can you give your child too much praise?

(13 Posts)
HarumScarumSanitarium Sun 03-Jul-16 20:36:22

As most parents are proud, we are very proud of DS aged 5 years.

Constantly tell him I love him and give him positive encouragement in whatever he does - eg, what a great throw, what a good batsman you are, what beautiful handwriting you have etc etc. when he has a strop about an evening finishing, I don't just say that it is tough and put him to bed, I say what a wonderful thing that he is sad the game is over, it goes to show what a brilliant time he has had. Just a few examples.

I try to show him the positives. If he is not so strong at something, I tell him, 'good try!' Standard parenting I guess.

However, when we were in the car today, he said, 'mummy, I'm fantastic aren't I". I said, 'yes you are!'

It made me wonder though, if I have been overdoing the praise!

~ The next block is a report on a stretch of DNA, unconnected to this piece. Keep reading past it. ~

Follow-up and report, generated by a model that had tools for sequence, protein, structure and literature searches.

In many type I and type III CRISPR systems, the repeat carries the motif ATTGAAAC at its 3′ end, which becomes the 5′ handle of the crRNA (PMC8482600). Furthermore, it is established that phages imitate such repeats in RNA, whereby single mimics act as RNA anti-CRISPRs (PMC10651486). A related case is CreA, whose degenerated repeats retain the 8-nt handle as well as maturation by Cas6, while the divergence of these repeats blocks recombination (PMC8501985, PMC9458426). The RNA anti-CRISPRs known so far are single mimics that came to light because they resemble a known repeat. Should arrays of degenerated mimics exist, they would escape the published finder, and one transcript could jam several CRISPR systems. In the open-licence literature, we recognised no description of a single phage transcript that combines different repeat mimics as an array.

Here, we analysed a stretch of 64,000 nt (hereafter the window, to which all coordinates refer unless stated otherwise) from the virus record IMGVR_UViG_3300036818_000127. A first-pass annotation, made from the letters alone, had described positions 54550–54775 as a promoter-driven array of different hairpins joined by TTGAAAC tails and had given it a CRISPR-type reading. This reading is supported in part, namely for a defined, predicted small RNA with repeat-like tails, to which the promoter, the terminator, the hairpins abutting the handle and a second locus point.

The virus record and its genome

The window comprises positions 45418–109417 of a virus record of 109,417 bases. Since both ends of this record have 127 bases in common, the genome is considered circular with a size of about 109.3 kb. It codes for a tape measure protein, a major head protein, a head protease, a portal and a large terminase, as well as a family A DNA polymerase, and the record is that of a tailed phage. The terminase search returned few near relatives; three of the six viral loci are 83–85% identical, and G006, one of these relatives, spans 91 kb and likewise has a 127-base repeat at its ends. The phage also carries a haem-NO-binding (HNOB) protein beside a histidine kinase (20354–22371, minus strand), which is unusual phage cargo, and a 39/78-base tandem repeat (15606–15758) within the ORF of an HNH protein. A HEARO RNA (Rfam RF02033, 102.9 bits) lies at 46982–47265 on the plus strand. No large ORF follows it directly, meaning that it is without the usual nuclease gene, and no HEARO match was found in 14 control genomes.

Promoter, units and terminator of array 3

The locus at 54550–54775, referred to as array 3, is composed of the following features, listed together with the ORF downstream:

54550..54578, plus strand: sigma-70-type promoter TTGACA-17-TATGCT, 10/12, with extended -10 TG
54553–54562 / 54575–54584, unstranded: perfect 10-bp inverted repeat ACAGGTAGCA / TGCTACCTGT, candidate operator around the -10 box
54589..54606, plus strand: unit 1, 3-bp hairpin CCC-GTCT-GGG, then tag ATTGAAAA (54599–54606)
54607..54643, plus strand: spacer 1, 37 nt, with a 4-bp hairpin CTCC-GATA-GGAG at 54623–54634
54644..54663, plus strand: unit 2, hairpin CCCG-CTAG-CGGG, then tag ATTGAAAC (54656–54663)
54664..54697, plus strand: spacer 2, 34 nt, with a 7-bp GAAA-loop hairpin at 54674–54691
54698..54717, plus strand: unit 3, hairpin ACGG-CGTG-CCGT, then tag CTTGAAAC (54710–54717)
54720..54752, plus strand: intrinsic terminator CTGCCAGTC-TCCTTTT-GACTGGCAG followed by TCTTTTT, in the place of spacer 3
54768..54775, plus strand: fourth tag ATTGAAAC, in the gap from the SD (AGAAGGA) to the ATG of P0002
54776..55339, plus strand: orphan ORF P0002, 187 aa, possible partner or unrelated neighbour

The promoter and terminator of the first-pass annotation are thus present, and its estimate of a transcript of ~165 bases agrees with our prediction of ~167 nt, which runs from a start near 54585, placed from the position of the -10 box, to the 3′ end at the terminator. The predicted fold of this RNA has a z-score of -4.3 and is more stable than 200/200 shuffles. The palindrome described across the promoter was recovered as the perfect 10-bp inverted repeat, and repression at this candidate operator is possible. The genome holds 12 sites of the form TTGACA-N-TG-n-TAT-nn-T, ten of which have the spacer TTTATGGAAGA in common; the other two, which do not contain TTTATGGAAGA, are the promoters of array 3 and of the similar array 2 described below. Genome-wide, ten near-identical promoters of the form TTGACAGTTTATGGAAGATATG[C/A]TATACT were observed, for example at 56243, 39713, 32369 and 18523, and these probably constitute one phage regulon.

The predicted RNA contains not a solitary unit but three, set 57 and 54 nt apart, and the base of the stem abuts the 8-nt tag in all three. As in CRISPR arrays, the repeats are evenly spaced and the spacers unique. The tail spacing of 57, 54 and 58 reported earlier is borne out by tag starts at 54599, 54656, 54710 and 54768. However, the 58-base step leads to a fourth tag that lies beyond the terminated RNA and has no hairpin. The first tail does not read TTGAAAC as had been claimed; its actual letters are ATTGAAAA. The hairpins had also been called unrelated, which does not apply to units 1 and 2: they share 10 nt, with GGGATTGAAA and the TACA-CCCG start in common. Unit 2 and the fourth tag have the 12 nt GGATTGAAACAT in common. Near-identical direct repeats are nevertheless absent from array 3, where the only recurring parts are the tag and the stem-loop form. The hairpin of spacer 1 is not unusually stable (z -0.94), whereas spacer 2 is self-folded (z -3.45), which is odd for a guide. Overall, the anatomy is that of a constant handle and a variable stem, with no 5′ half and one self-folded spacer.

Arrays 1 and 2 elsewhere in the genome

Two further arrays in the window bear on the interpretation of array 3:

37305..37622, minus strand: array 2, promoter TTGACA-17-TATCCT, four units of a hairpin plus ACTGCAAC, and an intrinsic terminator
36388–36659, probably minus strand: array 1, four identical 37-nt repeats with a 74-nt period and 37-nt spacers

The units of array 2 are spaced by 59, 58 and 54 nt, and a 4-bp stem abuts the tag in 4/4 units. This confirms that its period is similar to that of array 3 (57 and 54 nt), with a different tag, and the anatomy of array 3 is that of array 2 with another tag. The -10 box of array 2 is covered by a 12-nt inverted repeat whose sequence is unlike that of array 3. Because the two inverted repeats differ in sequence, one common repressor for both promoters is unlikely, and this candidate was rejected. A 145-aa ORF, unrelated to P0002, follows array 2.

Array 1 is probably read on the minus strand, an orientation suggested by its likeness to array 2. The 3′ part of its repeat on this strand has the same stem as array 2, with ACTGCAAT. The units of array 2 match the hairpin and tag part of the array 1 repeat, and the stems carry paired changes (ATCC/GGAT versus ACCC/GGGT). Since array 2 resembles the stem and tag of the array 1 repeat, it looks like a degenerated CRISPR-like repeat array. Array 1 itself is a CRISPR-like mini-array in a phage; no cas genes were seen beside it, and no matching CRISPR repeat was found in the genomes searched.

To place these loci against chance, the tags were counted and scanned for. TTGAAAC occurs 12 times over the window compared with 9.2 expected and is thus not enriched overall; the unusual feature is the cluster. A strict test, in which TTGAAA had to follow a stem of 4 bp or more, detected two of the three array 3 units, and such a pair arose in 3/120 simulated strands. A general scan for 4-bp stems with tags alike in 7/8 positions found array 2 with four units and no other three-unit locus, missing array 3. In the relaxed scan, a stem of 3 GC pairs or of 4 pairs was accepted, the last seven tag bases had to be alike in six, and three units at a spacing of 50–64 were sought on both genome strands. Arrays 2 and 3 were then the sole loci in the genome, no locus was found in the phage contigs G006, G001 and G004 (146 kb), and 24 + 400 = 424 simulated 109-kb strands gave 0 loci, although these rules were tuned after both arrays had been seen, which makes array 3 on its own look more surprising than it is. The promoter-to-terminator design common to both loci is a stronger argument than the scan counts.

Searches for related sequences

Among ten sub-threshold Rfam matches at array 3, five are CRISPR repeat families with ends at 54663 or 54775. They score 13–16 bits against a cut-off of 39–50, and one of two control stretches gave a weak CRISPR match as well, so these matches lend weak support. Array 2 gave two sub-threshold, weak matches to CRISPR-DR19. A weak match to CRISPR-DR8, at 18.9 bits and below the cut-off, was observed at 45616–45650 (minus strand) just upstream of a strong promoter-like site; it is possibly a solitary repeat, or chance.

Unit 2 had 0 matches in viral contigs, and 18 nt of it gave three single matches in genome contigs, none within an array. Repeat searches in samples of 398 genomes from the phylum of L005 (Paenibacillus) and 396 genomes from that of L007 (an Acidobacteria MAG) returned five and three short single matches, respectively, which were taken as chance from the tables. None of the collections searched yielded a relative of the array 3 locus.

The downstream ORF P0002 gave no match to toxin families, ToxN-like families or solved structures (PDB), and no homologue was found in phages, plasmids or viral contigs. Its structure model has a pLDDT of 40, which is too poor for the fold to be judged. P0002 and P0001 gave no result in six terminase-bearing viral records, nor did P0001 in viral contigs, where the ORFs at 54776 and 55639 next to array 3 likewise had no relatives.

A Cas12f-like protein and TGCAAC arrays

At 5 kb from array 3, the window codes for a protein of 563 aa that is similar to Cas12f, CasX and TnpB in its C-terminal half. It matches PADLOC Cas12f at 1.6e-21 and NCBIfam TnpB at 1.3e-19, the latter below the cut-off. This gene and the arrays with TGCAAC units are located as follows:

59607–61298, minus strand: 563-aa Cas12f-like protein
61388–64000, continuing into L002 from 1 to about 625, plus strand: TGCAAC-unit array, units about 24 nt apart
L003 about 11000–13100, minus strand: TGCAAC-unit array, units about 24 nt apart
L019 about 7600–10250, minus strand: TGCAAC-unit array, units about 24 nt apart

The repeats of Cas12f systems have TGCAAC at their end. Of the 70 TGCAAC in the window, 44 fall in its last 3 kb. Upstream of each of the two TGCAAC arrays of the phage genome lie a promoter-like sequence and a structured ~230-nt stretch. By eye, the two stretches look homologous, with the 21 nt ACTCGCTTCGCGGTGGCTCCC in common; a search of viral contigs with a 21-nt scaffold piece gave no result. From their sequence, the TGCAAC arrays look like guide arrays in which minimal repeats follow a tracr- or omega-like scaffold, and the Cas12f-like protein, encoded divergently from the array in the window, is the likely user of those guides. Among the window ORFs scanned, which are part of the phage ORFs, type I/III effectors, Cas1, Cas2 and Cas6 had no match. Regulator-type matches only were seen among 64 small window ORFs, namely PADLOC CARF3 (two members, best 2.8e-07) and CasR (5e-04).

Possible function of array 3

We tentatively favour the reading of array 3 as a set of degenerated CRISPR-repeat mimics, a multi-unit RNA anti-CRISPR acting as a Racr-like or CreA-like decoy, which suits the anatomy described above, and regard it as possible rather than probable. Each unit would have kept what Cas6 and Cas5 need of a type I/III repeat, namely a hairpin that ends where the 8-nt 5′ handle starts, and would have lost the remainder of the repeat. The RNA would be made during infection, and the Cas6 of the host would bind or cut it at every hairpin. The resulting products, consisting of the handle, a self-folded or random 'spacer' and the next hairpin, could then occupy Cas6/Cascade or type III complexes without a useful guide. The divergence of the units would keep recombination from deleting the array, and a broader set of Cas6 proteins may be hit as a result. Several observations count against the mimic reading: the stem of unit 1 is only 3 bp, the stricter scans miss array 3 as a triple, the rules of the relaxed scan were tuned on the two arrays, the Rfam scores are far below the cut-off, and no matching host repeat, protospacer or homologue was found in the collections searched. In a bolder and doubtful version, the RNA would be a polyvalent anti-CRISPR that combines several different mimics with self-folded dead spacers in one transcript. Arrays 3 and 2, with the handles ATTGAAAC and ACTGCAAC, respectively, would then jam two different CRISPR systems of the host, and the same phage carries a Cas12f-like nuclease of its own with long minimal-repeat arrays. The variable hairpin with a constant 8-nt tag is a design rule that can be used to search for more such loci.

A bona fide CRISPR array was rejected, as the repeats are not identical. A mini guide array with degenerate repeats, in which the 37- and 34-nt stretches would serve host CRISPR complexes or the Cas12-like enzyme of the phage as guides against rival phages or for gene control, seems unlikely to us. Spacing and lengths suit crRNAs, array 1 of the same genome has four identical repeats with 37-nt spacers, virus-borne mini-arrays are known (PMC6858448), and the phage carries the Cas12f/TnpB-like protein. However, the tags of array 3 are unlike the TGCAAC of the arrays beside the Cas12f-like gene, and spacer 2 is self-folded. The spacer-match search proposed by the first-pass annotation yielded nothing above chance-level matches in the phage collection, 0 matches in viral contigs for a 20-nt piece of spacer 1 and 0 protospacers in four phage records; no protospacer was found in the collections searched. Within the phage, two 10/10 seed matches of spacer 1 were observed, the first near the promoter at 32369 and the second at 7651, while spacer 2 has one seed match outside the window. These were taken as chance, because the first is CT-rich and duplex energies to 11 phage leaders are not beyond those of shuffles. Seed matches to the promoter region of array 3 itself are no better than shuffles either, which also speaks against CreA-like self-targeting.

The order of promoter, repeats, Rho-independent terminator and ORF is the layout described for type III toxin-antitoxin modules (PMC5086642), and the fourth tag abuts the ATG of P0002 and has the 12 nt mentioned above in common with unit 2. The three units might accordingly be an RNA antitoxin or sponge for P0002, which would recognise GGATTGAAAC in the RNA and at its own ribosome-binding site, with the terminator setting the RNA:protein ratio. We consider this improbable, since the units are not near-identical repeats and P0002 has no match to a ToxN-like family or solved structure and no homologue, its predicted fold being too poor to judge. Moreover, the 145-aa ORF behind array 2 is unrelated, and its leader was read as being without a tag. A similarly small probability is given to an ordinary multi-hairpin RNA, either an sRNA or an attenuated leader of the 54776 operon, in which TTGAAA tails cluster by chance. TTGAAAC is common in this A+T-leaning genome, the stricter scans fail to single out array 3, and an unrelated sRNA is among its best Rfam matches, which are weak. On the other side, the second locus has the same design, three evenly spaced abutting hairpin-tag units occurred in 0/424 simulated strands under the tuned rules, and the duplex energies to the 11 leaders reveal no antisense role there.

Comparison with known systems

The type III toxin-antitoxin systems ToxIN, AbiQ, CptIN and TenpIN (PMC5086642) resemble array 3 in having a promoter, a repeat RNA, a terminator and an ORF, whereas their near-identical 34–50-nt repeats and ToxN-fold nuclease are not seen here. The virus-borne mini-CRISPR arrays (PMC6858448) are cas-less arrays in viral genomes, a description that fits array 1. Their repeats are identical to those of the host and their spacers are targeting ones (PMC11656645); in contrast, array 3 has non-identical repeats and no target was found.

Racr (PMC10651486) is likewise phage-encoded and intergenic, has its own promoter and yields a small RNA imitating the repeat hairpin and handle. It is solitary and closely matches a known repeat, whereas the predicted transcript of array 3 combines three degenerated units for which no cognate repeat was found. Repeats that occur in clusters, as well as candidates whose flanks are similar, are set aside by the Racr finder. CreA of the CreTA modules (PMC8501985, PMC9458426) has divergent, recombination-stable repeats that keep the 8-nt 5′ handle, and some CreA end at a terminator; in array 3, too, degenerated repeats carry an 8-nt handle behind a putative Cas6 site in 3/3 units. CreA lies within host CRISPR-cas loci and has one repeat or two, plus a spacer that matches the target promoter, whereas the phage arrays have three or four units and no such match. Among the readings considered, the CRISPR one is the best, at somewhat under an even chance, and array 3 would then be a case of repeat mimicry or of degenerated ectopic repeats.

Can you give a child too much praise?

IAmTheWhoreOfBabylon Sun 03-Jul-16 20:40:27

Yes imo and it is the opinion of dd's therapist
DD has SN
They become dependent on external praise and it's not realistic beyond family
I work with a very tiresome person who's parent has pandered and over praised
The satisfaction should be internal
I say to my DD you must feel very pleased with yourself for achieving that

Believeitornot Sun 03-Jul-16 20:48:15

Yes - that seems a bit overkill! especially the stropping bit because how will he learn that actually, strops aren't acceptable behaviour?
So there's a bit about teaching him how to manage a strop ("DS, I know you're tired/upset because you enjoyed the game but now it has to stop because it is bedtime. You can tell me you're feeling cross instead of doing X/y/z")

Also as the PP poster says, you should encourage internal satisfaction.

So if one of my DCs comes and shows me something they've done, instead of saying "what a good drawing", I'll ask them about it and show an interest. Also ask them what do they like about it. Sometimes if I'm feeling lazy, I'll say "good drawing etc", but most of the time I'll get them to talk about it.

Much better way to build confidence. Especially when they come across people who disagree with their ideas or won't play with them etc as happens at school sometimes. I want them to think "well I like it" instead of trying to copy other people to fit in or get praise.